The Convention on International Trade in Endangered Species of Wild Fauna and Flora (CITES) says significant progress has been made politically, financially and technically since 2013.

Speaking on Saturday at the opening of the 17th Conference of the Parties (COP) to the Convention on International Trade in Endangered Species of Wild Fauna and Flora (CITES), Secretary General of CITES, Dr John Scanlon, said since COP16 there has been an ever increasing political interest in wildlife trade issues, in particular tackling illegal wildlife trade.

"The political interest that has been expressed in CITES has occurred in many ways over the past three years including through statements and initiatives of presidents, prime ministers, resolutions adopted by the UN General Assembly, the UN Environmental Assembly as well as through many high level political events.

"This heightened level of political support has also come from the personal initiatives of high profile public figures," he said.

Dr Scanlon said the political support has led to more funding being available to address wildlife trade issues.

"Since COP16 the Global Environment Facility has committed 131 million dollars to fight illegal wildlife trade and poaching through the global wildlife programme. This also addresses conservation and sustainable livelihoods and will leverage significant additional funds," he said.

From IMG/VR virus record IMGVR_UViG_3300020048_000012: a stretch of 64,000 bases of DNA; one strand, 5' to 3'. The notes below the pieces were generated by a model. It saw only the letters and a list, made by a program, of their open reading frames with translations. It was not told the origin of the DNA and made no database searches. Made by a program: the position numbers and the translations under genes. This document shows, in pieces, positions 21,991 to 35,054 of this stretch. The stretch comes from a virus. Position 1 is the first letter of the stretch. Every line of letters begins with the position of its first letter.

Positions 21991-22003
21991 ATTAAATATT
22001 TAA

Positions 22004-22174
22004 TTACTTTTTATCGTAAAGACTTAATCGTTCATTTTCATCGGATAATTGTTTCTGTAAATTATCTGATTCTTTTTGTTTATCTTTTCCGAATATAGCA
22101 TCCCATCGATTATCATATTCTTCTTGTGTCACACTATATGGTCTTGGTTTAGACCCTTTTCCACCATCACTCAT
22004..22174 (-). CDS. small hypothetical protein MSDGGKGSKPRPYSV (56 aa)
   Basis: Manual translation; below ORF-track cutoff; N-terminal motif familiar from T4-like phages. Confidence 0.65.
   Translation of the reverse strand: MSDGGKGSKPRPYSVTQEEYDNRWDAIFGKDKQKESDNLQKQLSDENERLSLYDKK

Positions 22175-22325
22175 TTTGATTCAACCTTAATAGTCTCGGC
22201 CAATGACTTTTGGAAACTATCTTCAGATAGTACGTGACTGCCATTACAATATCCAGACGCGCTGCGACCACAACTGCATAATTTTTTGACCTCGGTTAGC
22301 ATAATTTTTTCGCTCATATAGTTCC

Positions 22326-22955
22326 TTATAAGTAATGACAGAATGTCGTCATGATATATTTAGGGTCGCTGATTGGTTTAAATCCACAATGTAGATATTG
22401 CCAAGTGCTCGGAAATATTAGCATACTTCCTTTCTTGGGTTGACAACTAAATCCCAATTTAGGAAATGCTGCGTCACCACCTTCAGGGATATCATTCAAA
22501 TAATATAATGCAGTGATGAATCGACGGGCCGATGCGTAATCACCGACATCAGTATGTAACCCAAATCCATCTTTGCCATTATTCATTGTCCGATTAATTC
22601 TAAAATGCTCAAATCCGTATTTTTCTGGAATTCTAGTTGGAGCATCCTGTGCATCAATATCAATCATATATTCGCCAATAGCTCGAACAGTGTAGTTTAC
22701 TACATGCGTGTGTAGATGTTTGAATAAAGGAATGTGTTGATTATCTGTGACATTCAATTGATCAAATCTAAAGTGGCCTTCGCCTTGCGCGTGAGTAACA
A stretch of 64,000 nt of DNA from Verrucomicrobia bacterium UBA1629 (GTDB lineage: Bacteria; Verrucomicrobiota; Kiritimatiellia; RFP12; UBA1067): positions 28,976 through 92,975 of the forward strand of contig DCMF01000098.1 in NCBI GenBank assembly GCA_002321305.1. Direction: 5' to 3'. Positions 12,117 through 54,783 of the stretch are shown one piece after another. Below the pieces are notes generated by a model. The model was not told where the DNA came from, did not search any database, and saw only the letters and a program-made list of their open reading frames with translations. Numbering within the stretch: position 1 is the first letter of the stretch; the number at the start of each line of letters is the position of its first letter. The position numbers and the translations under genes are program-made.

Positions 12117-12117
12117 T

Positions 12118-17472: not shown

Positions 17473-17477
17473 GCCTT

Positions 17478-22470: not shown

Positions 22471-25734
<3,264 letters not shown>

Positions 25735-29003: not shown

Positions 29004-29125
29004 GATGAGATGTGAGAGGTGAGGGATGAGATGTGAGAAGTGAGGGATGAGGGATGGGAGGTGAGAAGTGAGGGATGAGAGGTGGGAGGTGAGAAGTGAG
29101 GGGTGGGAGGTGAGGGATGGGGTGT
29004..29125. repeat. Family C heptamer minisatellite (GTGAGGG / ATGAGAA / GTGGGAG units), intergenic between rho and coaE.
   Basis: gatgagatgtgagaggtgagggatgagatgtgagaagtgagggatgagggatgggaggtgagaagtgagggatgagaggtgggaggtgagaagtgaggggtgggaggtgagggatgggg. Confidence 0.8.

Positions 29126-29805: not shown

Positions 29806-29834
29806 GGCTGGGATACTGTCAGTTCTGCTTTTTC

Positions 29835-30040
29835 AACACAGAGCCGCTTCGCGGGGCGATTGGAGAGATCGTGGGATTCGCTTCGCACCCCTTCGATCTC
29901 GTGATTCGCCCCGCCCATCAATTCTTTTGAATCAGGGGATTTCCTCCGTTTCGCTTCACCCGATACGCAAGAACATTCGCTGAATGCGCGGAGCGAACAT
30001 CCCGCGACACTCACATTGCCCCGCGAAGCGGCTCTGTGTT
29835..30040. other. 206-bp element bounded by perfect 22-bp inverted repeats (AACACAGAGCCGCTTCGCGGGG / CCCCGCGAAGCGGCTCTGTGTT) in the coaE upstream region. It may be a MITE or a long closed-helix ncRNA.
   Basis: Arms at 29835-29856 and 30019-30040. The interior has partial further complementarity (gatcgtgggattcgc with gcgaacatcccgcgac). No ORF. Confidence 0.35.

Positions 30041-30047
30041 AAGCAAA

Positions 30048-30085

Countries have been encouraged to engage local communities on the benefits of protecting wildlife if they want to succeed in conservation.

United Nations Environment Programme Executive Director Erik Solheim said: "CITES cannot succeed in isolation, only if we step up we can succeed, this means we need to start a concerted dialogue with all the people living out there.

"We need to step up and bring to the attention of the local communities all the benefits of them in protecting wildlife, in tourism and in so many other ways and we need a constant consultation process with local communities otherwise we will be never succeed."

Speaking during a media briefing at the CITES COP17, Environmental Affairs Minister Edna Molewa said South Africa is delighted to host the conference.

Molewa said there will be 120 documents and 62 proposals which will be discussed at the conference.

She said South Africa has been working hard to ensure the conference is a success.

"Delegates should be prepared to work throughout and make sure that we make our nations proud and at the heart of it all to save our species that are almost extinct but also regulating those that need to be regulated," Molewa said.